Advertisers, including USAA and Cars.com, have pulled out of Sean Hannity’s Fox News show because of his continuous support of conspiracy theory on the death of Seth Rich, young Democratic National Committee staffer who was killed last June.
The companies are pulling their ads because of Hannity’s disregard of emotion for Rich’s family and friends and the theories lack of credibility. The Guardian calls the theory “disproven” but gives no details as to how it was disproven. Simply, the theory is a theory and will not hold up in credible journalism. The same article from The Guardian says that Fox News retracted an article on the theory as it was “was not initially subjected to the high degree of editorial scrutiny” as other articles, possibly because they did not expect the backlash.
The missing link of how the theory has been disproven prompted me to further investigate. Another article by Huffington Post wrote about the retracted article published by Fox News. I attempt to stay away from left- or right-winged media, yet these seemed to be the only sources writing on this topic. According to HuffPost, the inciting incident was the Wikileaks document that released information on Hillary Clinton’s emailing incident. Since Rich was killed shortly thereafter, conspiracy theorists believe that “Hillary Clinton and the Democratic Party had him killed as retaliation.” Yet this theory has been disproved, as the U.S. intelligence committee has released reports that state the Wikileaks information was given by Russian officials wanting to ensure Donald Trump’s presidency.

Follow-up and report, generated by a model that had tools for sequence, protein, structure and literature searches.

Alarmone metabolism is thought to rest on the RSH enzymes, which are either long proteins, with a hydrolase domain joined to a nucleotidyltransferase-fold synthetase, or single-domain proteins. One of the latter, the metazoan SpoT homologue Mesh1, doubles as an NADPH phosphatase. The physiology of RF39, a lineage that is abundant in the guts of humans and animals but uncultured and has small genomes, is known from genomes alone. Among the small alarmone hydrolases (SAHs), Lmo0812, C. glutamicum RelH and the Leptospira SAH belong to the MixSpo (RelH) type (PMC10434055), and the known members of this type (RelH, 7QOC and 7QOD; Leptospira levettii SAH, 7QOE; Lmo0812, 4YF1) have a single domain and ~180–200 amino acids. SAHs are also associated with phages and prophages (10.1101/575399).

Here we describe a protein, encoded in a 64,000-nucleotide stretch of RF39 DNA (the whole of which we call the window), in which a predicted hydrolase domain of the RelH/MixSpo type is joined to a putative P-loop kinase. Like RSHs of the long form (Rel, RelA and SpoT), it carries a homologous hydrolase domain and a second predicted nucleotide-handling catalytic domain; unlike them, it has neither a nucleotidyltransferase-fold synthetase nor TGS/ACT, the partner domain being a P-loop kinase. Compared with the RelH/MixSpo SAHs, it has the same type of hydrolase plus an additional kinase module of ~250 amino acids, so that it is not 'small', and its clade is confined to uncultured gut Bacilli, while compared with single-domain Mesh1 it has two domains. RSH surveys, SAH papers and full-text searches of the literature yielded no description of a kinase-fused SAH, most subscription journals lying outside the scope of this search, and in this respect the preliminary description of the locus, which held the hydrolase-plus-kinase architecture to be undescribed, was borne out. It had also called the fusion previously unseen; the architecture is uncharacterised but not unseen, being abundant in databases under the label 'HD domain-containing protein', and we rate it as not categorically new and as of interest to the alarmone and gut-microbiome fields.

To me, most of these articles are not well-sourced. First, I am not sure who or what the U.S. intelligence committee does or who it governs. Is it the FBI, CIA, or NRA? This information remains unclear. In all, this story seems forced, as it is clickbait-y and messy. The message has been blown out of proportion, in which more media sources are talking about the advertisers leaving rather than the silly theory itself.